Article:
Katarzyna Lemańska begins her review of the newest play put on by the Polish Underground Theatre, “The Nation” (directed by Krzysztof Garbaczewski), by referring to the history of the collective which was created around the Polish Theatre in Wrocław in an act of defiance against theatre director Cezar Morawski. Lemańska describes the formal tools and texts which are used in this production such as Virtual Reality technology as well as writings by Jerzy Grotowski.


The Theatre, That Is Something Worth Fighting for: Dominika Bremer in Conversation with Zuzanna Grajcewicz
Dominika Bremer speaks with filmmaker of “Cut-out”, Zuzanna Grajcewicz,about actors and actresses at the Polish Theatre in Wrocław. The conversation is about the process of creating the film, the circumstances of working on it, and the relationship the director has with the actors and actresses. Grajcewicz also talks about the present situation facing the Polish Underground Theatre, its status in the current political-cultural situation, and wonders if the existence of such an ephemeral composition as “Cut-out” is a symptom of a need for change in the cultural politics of theatre.


The Cursed Actors
The author interprets the play “Mephisto” directed by Agniewszka Błońska, which had its premiere on 9 Sept. 2017 at the Powszechny Theatre in Warsaw, as an artistic manifesto on a Hungarian film by István Szabó and a novel by Klaus Mann. In light of the connection between“Mephisto” and Oliver Frljić’s “The Curse”, Karow analyzes actors’ statements regarding their situation in the face of a real threat. He notes the musical motif of the can-can being an important element towards building the narrative in Błońska’s production.


A Society in Need and the Pitfalls of Heroism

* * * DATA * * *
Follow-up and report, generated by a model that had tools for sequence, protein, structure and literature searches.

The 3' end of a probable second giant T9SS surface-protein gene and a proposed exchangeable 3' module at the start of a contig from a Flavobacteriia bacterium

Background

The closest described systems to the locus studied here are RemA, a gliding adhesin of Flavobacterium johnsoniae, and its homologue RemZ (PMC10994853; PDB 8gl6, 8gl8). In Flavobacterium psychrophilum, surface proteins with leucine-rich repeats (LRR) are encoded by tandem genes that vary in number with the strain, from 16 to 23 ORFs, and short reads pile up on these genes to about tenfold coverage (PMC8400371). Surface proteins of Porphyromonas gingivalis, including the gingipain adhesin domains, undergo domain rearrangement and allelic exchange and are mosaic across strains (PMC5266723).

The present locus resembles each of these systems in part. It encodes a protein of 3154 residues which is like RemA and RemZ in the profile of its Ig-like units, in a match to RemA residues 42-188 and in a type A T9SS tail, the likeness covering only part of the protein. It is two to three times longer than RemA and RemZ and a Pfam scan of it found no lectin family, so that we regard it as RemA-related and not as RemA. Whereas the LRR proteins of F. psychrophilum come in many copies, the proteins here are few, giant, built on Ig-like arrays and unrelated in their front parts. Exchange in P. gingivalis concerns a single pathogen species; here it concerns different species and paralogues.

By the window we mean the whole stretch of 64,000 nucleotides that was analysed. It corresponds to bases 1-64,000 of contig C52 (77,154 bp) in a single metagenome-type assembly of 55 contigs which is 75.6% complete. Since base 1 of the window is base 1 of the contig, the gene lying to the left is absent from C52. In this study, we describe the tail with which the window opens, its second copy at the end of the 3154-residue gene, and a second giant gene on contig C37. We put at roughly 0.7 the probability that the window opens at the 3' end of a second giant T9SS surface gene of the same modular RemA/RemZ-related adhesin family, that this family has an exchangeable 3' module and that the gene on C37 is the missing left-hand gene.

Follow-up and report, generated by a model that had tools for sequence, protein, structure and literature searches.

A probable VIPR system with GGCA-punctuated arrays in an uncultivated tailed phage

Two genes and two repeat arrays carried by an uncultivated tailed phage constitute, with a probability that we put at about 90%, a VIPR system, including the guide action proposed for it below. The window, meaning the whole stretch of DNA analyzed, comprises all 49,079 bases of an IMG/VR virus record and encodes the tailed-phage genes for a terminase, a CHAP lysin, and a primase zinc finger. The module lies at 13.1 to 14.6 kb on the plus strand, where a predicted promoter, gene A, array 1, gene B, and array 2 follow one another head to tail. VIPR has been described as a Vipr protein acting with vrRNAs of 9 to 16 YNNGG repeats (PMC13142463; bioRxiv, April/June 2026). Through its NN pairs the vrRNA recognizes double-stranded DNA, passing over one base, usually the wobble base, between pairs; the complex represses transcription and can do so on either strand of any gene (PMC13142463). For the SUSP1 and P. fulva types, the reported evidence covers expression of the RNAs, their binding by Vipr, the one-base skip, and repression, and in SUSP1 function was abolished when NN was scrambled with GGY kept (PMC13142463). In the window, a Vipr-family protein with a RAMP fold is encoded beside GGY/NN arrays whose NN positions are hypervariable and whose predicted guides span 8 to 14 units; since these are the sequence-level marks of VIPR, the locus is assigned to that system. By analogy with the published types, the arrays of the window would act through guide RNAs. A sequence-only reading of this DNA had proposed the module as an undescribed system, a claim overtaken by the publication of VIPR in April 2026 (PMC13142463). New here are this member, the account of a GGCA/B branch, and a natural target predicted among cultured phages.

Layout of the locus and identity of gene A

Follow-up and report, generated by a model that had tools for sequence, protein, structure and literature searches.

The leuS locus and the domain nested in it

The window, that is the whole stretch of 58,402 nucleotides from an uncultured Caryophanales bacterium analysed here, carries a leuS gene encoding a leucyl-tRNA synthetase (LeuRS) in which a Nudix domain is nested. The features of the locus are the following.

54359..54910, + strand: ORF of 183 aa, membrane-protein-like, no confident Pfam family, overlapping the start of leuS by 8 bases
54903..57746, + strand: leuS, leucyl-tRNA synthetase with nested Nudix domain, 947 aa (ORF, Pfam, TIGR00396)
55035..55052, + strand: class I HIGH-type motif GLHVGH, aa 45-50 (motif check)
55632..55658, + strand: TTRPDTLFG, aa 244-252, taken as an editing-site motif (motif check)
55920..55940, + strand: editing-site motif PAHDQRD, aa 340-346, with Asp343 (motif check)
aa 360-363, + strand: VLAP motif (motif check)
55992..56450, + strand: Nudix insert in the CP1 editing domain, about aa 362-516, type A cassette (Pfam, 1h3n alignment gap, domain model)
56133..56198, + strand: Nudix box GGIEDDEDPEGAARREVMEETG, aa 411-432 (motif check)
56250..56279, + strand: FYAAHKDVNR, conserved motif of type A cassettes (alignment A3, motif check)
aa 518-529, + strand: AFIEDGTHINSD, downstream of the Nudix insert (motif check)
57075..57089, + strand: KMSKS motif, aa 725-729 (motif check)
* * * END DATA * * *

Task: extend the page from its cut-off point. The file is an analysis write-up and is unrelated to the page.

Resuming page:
Zuzanna Berendt reviews “Superplay” directed by Justyna Sobczyk and Jakub Skrzywanek, a co-production by Powszechny Theatre in Warsaw and Theatre 21. It had its premiere on 11 Nov. 2017. The author pays attention to the way the play makes use of the figure of the superhero and its attempts at refashioning such a figure. She points out that its creators clearly situate the production in the current political and social context. In her opinion, Sobczyk and Skrzywanek formulate a postulate for conceiving a relation between audience and artists which can encourage real, critical discussion on the forms of cooperation in a society of people who possess different skills, views, and potentials.


Katarzyna Waligóra writes on Weronika Szczawińska’s play “The War of the Worlds”, based on Herbert George Wells’ novel. It had its premiere on 4 Nov. 2017 at Zagłębie Theatre in Sosnowiec. Waligóra observes that the director, together with Piotr Wawer (who collaborated with Szczawińska in working on the script and staging), altered the novel’s futuristic vision of the Martians’ attack on Earth into a reflection on how a vision of doom can affect 19th century bourgeois society. The author analyzes the way “aliens” are portrayed in the play and their impact on the seemingly stable world of social hierarchies.


Anarchy, Always and Everywhere
Piotr Dobrowolski reviews the play “K.” by Monika Strzępka and Paweł Demirski, which had its premiere at the Polish Theatre in Poznan on 4 Nov. 2017. It is a direct commentary on the current socio-political climate. He analyzes the significance resulting from giving characters the authentic identities of Polish politicians, typified by Marcin Czarnik and Jacek Poniedziałek’s acting methods in creating the roles of Jarosław Kaczyński and Donald Tusk respectively. Dobrowolski asserts that the play, set in October of 2019, is a forecast of the future, full of bitterness.